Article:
Work accomplished in this interdisciplinary study was the basis of a successful grant proposal written to the National Science Foundation for an ICP-MS.
Notes, Tips, and Logistical Considerations
- A research exercise like this requires a close working relationship between Geology and Chemistry Departments.
- Deciding exactly when samples should be collected and analyzed and scheduling class discussion time needs to be done early in the semester to make sure that conflicts do not occur.
- We found that this exercise worked much better with specific, written instructions on sample collection.
- A simple web site where students could enter data (sample number, location, type, etc.) facilitated organization of the data. This same web site was used by Chemistry students to enter analytical data.
- The assessment plan helped us develop and modify the project as time went on.
- This project could be modified to fit any local situation. For example, the reason we look at geographic differences in water quality is that Omaha has two (now three) separate water sources: well fields next to the Platte and Elkhorn Rivers and surface water from the Missouri River.
- Be prepared to work closely with student groups at first, to make sure they are doing the data analysis correctly. Many students also are at a complete loss of how to begin. A little care in the organization of the student groups can help in these situations (make sure there is a class leader in a group if possible). This can help keep the groups on task.
- Be sure to be ready to discuss with students why a simple, single answer or explanation might not exist.
- The student outcomes of this project were evaluated through an anonymous student-feed back survey and student focus group discussions.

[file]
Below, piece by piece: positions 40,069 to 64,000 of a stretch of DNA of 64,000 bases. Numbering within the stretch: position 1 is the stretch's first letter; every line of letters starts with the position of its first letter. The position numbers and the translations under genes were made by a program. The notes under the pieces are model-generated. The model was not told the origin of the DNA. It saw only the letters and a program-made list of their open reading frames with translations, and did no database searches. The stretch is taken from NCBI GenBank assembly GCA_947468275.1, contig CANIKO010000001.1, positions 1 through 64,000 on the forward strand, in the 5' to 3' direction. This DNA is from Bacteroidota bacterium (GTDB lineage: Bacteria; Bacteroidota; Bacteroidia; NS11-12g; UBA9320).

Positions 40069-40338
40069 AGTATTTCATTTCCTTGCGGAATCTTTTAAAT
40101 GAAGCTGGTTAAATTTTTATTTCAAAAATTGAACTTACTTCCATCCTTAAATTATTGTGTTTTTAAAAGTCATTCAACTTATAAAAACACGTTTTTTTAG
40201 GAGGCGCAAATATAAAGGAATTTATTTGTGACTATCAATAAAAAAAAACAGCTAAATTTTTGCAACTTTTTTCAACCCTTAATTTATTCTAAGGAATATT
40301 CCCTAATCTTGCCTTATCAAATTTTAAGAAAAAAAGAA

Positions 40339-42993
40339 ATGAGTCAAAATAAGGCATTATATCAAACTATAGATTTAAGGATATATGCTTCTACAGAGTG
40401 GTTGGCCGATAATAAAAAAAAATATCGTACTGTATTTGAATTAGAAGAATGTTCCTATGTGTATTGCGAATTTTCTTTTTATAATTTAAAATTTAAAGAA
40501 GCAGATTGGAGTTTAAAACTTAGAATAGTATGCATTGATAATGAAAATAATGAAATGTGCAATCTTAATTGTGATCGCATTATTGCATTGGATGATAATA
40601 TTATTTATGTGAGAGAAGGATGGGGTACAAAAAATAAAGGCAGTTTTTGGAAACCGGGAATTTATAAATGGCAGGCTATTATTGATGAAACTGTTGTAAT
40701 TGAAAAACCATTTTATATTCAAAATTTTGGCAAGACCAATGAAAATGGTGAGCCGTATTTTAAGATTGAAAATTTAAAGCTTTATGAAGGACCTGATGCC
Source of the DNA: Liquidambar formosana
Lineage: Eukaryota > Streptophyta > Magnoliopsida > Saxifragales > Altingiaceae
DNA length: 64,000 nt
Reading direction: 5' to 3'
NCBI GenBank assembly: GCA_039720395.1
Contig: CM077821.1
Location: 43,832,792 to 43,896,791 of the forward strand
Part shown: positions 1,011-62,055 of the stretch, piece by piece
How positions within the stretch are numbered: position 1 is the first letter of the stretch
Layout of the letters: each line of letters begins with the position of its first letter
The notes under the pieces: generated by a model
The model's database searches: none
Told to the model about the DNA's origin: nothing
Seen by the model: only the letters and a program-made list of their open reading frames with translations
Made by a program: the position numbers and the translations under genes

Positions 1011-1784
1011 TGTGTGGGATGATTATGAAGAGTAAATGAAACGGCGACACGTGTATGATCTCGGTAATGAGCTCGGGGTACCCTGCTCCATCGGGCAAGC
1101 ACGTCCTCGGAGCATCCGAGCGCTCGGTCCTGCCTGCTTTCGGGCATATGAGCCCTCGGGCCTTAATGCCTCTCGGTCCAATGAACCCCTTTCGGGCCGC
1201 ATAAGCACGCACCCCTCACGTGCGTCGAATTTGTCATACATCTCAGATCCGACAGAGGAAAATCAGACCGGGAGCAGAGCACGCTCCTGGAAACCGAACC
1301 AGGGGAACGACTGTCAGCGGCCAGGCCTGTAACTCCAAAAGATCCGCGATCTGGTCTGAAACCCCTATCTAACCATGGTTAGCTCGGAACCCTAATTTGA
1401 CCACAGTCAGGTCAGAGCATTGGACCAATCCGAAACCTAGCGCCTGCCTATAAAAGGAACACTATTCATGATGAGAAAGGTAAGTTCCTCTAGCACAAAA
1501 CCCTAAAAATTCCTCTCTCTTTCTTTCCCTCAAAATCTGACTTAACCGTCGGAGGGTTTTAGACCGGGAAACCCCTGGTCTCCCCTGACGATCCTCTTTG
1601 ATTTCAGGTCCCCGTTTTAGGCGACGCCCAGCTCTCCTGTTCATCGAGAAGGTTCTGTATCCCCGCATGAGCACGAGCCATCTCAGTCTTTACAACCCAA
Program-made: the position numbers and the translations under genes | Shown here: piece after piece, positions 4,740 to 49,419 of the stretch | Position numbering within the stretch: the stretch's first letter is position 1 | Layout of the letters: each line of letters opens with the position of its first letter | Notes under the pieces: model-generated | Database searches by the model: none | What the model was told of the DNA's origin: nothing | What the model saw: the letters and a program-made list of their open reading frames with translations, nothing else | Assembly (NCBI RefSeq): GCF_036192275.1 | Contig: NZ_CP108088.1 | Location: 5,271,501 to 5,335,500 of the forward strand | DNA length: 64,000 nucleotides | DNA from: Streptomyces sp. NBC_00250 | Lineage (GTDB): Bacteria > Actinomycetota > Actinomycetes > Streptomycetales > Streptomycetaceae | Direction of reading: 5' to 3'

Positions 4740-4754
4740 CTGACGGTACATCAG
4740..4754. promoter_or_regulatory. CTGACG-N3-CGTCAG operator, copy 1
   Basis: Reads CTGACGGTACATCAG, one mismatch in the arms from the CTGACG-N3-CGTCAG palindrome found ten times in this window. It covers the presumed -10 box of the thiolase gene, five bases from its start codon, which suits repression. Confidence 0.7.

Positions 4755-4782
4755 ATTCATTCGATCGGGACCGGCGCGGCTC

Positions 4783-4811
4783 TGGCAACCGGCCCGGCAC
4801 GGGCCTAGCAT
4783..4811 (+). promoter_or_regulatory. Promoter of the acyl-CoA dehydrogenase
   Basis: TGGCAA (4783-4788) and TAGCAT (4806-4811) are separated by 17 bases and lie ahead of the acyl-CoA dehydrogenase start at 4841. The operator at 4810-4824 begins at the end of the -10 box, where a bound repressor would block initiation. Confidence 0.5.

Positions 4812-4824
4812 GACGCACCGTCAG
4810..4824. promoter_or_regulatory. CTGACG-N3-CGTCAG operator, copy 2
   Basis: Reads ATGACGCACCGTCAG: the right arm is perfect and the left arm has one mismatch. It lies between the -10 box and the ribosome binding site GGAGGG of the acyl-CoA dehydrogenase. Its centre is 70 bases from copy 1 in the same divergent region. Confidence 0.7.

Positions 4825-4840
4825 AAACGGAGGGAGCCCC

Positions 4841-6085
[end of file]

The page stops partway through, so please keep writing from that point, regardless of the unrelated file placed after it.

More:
- The survey was a Likert-scaled instrument developed for this project by the Center for Assessment and Evaluation of Student Learning at WestEd.
- Separate focus groups were composed of 6 - 10 students from each class and lasted for approximately 30 minutes. These group discussions were led by faculty not directly involved in the research project. These sessions were recorded and transcribed and the results were evaluated by an external evaluator.
- A more complete discussion of the instruments used and our results can be found at Richter-Egger et al., 2010.
- A good working relationship with your Chemistry Department
- Adequate analytical equipment for the water analyses
- A variety of sources for drinking water (softened vs. non-softened, filtered vs. non-filtered, well water vs. municipal water, etc.)
ReferencesRichter-Egger, Dana L., Hagen, James P., Laquer, Frederic C., Grandgenett, Neal F., and Shuster, Robert
D., 2010, Improving student attitudes about science by integrating research into the Introductory Chemistry Laboratory: interdisciplinary drinking water analysis: Journal of Chemical Education,
v. 87 (8), pp 862-868.
Shuster, Robert D., Hagen, James P., Laquer, Fredric C., and Richter-Egger, Dana L., 2004, Learning science by doing science: Research inquiries in introductory science: 10th National Conference, Council on Undergraduate Research, Workshop and Poster Abstracts, p. 38.
Shuster, Robert D., and Richter-Egger, Dana, 2007, Early undergraduate research in introductory geology and chemistry classes, Geol. Society of America, Abstracts with Programs, v. 39, no. 6, p. 247.